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Author: Milis, Bradford F.
Resulting in 1 citation.
1. Mykerezi, Elton
Milis, Bradford F.
The Wage Earnings Impact of Historically Black Colleges and Universities
Southern Economic Journal 75,1 (July 2008): 173-187.
Cohort(s): NLSY79
Publisher: Allen Press, Inc.
Keyword(s): Black Studies; College Education; Gender Differences; Racial Differences; Racial Studies; Wage Models; Wages

Permission to reprint the abstract has not been received from the publisher.

The impact on wages from blacks' attendance of historically black colleges and universities (HBCUs) versus other colleges is examined using geo-coded National Longitudinal Survey of Youth 1979 data. The paper reconciles seemingly conflicting findings in previous studies by estimating wage profiles over time, rather than by estimating wages at a single point in time. Estimates indicate that black males show no initial wage advantage as a result of HBCU attendance, but their wages increase 1.4-1.5% faster per year after attending HBCUs compared to other colleges. This faster growth generates discounted career earnings from HBCU attendance that are 9.6% higher for HBCU attendees and 8.9% higher for the average four-year college black student. For black females, HBCU attendance has no significant impact on initial wages or on subsequent wage growth. [ABSTRACT FROM AUTHOR]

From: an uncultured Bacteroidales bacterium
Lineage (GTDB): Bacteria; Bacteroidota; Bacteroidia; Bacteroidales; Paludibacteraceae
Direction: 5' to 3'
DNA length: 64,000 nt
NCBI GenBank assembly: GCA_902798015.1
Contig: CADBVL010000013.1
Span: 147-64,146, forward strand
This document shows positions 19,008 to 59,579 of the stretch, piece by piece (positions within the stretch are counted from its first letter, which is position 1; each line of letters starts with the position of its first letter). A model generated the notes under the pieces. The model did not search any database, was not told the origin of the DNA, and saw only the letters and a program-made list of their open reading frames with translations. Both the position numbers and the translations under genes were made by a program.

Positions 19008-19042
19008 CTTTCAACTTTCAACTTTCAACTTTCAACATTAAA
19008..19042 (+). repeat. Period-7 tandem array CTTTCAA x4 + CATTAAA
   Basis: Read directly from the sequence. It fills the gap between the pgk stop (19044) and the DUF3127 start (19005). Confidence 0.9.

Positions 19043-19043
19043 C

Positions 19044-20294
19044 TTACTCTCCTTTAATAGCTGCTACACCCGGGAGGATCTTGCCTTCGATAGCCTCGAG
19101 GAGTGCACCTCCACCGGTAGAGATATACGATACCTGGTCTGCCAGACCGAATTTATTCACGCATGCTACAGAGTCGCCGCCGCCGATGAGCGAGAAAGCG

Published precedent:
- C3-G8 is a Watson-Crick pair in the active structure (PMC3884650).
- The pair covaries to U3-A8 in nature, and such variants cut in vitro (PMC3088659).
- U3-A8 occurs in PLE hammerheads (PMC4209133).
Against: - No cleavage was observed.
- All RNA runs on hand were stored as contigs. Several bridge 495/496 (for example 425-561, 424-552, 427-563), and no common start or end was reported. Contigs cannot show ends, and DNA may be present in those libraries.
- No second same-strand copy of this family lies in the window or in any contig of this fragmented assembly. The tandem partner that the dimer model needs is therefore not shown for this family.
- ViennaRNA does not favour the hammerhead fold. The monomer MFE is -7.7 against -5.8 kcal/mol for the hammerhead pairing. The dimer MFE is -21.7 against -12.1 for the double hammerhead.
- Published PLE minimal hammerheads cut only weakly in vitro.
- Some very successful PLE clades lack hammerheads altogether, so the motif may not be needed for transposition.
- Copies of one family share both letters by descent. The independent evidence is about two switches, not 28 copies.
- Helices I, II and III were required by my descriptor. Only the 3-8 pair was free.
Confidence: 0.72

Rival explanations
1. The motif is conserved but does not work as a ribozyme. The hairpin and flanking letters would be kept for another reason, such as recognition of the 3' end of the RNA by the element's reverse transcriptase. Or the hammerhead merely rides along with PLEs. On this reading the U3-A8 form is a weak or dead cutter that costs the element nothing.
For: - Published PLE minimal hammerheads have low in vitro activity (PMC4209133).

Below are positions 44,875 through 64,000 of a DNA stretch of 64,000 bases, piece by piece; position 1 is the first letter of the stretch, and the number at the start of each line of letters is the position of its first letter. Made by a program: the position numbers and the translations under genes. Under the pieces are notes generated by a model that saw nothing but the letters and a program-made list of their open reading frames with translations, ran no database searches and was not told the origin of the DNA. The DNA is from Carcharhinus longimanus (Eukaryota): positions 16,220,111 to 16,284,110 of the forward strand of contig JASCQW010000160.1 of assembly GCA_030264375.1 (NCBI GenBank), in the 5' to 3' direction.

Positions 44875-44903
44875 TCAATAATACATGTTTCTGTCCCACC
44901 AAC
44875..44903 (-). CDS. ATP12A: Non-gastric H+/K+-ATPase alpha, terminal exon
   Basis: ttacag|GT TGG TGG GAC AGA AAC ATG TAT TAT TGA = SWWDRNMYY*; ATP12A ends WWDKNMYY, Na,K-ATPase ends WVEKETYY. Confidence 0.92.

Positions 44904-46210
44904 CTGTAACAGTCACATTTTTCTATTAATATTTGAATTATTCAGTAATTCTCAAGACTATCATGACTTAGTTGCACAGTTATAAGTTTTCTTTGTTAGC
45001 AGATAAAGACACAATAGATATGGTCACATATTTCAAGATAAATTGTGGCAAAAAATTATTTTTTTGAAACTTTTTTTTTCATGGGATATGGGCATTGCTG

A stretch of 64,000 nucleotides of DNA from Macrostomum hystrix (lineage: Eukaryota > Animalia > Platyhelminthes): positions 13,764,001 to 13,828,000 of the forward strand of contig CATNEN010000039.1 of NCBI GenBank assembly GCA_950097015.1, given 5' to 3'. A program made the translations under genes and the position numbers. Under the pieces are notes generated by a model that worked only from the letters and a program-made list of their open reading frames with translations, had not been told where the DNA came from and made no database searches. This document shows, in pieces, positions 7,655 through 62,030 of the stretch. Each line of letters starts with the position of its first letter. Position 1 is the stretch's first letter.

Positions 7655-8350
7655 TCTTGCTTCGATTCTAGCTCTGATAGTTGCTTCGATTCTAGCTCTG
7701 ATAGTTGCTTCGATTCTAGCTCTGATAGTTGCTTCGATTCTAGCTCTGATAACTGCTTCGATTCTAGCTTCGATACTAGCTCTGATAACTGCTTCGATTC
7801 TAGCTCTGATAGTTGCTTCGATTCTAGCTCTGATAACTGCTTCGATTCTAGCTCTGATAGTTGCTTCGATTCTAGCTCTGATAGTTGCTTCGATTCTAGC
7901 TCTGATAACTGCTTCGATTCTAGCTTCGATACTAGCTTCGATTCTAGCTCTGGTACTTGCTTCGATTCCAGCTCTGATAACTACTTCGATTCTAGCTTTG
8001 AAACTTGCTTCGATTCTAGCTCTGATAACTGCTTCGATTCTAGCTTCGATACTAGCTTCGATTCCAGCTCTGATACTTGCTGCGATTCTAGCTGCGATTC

Bibliography Citation
Mykerezi, Elton and Bradford F. Milis. "The Wage Earnings Impact of Historically Black Colleges and Universities." Southern Economic Journal 75,1 (July 2008): 173-187.